I was crying from the first page of this book. Susannah’s death was inevitable since the tragic reveal of her worsening condition in ‘The Summer I Turned Pretty’. Still, I was blubbering like a fool for the first half of this book.
Susannah’s passing is the carrying tragedy of the follow-up book. Her death impacts everyone – Belly’s mother, Laurel, is withdrawn and distant since losing her best friend. Conrad has become self-destructive, and Belly is heartsick at losing her pretend-mother. Susannah’s loss is felt by all, even the reader. She was just a lovely presence in the first book, and clearly an impact on Belly’s young life. The sorrow of her death reverberates throughout this second novel.
But Han’s trilogy is focused on young love. And for that reason I found myself crying for the romantic heartbreaks in Belly’s young life as for the more saddening and maddening death of Susannah.
When ‘The Summer I Turned Pretty’ ended, Belly and Conrad were embarking on a tentative and tender new romance. When ‘Without You’ begins, Belly speaks haltingly about her and Conrad’s disastrous break-up, and a fall-out that has yet to be fixed. This second book doesn’t have the same year-leaping flashbacks as ‘Turned Pretty’ did, instead Han slowly revisits Belly and Conrad’s crumbling relationship bit by bit. And it is a disaster; of epic proportions (at least it is for a sixteen-year-old girl). The height of Belly’s heartbreak comes at her prom, where she is left crying and bedraggled, watching Conrad stride away and knowing that they are over (if they were ever even together?).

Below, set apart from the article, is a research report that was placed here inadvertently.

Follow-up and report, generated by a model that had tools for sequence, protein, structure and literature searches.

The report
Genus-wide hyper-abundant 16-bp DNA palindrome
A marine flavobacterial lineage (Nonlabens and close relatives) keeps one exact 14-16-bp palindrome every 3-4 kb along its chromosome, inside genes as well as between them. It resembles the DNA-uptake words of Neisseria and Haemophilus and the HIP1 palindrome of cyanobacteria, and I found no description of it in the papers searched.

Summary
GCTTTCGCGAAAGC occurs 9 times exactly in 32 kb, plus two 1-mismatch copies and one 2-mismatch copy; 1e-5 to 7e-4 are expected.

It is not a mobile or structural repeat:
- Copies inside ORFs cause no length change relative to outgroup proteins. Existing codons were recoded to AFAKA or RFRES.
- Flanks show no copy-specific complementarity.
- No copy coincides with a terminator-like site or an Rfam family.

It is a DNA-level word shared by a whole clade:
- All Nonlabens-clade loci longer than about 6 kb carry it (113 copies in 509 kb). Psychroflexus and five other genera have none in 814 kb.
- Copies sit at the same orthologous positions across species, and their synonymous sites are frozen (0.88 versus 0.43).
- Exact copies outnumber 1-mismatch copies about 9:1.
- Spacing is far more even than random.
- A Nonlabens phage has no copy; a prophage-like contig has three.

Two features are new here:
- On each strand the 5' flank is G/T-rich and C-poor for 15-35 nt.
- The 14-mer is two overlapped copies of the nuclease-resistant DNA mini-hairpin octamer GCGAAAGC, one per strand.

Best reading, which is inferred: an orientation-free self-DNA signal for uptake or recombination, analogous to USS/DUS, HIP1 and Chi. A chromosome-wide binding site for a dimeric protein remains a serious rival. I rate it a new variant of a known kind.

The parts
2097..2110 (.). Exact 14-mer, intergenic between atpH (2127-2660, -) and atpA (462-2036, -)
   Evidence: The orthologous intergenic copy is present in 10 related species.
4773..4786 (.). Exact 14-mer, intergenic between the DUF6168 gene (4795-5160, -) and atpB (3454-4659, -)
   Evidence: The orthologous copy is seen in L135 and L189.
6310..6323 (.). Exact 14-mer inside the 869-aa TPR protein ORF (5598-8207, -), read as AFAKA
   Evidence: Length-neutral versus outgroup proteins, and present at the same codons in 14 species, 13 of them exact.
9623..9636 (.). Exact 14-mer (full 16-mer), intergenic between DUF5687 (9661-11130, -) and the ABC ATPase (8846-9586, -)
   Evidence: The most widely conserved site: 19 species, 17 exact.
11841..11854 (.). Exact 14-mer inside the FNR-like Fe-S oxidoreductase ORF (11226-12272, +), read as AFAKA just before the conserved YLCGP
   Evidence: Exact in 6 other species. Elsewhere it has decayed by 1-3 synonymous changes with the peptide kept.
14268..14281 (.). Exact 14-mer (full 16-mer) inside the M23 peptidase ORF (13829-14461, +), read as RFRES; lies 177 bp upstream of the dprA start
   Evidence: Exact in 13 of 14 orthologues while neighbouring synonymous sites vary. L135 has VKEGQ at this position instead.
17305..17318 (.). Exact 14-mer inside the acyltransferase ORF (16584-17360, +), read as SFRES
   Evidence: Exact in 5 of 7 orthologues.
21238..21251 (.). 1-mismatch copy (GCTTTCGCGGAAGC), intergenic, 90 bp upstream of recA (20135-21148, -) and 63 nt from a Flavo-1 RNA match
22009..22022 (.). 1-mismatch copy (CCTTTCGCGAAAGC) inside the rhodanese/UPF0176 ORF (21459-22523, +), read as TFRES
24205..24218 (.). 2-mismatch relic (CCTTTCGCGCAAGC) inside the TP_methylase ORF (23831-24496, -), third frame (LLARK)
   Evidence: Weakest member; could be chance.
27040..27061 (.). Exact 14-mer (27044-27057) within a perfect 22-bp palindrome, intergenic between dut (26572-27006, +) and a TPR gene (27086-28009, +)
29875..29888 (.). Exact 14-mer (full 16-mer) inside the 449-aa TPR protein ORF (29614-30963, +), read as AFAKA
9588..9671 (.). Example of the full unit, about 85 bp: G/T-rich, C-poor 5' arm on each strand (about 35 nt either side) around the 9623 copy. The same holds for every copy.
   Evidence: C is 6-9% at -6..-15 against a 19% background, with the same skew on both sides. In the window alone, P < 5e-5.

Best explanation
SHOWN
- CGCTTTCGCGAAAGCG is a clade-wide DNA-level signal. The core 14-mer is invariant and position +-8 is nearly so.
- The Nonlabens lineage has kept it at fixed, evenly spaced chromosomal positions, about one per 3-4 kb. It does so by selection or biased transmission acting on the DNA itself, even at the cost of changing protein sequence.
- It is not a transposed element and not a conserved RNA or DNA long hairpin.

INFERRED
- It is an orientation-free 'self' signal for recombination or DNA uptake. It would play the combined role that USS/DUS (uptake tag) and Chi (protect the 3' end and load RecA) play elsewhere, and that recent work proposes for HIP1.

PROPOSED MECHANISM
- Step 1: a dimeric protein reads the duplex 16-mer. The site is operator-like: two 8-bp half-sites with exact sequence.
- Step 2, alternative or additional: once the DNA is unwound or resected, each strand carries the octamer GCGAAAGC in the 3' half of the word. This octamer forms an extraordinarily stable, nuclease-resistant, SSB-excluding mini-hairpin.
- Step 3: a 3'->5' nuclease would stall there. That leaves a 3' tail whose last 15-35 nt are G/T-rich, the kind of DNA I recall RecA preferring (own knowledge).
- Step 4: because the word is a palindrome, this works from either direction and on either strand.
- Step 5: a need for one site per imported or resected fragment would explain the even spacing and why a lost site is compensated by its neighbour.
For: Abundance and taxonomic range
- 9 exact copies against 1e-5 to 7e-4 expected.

Now, in the grand scheme of plot Susannah’s death is far more gut-wrenching than Conrad and Belly’s collapsed puppy love. But I absolutely bawled my eyes out during Belly’s recount of her prom-date heartbreak. I think it’s because Han is so evilly and wonderfully good at recounting the disasters of youth. You feel Belly’s crushed hopes with visceral tenderness as Han forces you to remember your own first love, and the inevitable first heartbreak. She deftly conjures those feelings of crushed dreams and tormented love – all of it felt deeper and was heightened for being your first. But it’s even worse for Belly – for most people first loves are classroom disasters and playground fancy – but Belly had known Conrad her whole life, and loved him for almost as long. His rejection of her is a tragedy from a much greater height.